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Wednesday, 13 February 2002
Page: 119


Ms GILLARD (3:09 PM) —My question is to the Minister for Immigration and Multicultural and Indigenous Affairs. Given that the report tabled today finds that Minister Reith knew on 11 October that the photographs did not depict children being thrown overboard, precisely when did you or any member of your staff first know that the claims you made in relation to this matter on 7 October were not correct?


Mr RUDDOCK (Minister for Immigration and Multicultural and Indigenous Affairs and Minister Assisting the Prime Minister for Reconciliation) —I thank the honourable member for Lalor for her first question. In this parliament I may get more questions than I have had in the past. Early in October a suspected illegal entry vessel with 229 people on board was intercepted off Christmas Island. On 7 October at 9.45 a.m. I was explaining the implications of the border protection legislation bills that this House has passed and I had a call from the secretary to my department, Mr Farmer, who was taking part in a meeting of the high level interdepartmental working group considering this issue. Mr Farmer advised me that the working group had received advice from a representative of the Department of Defence that all passengers on the vessel were wearing life jackets, that some were jumping into the water—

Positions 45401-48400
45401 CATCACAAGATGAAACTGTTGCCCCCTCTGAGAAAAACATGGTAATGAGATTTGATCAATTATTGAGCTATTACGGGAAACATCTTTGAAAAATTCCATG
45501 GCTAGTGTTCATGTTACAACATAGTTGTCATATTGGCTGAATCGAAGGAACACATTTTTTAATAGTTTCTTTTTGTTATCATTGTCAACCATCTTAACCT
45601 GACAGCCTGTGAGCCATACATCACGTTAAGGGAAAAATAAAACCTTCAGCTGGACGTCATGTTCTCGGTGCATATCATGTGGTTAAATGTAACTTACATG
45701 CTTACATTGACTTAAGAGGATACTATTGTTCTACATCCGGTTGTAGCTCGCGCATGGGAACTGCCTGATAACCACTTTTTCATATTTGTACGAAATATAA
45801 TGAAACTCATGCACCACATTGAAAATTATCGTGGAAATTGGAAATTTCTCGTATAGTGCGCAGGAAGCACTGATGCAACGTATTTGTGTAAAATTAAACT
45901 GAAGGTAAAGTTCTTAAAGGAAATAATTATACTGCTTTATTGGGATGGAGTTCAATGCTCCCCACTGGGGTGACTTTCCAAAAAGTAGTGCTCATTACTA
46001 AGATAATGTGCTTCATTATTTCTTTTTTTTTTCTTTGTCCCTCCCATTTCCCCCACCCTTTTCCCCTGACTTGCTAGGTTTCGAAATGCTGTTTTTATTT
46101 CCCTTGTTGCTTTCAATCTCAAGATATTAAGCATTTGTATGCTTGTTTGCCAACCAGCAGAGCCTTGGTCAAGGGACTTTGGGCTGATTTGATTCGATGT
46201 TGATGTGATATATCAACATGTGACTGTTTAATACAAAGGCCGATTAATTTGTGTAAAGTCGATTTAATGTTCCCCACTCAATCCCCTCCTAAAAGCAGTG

Mrs Irwin —Because it was sinking.


The SPEAKER —The minister has the call! I remind those on my left that he is entitled to be heard in silence.


Mr RUDDOCK —and that some were throwing their children overboard. My recollection is that the vessel sank several days later. I did advise the media attending the press conference of the information I had received. I later became aware of some reports from Christmas Island that were carried in newspapers. I know of those reports only what was contained in them. I do not know whether they had any veracity associated with them or not. The fact is that at no time have I been advised that the initial advice that was given to me was—


Mr McMullan —Did you ask?


Mr RUDDOCK —I simply say: at no time was I advised that the information that was given to me was otherwise than correct. The fact is that that was the case. I have not seen the report, which you are all reading, that has been tabled today.

Opposition members interjecting—


Mr RUDDOCK —That is the case. The Prime Minister has tabled the report today. I will read it and come to a view as to whether or not I should form a different view as to what may or may not have happened at that time.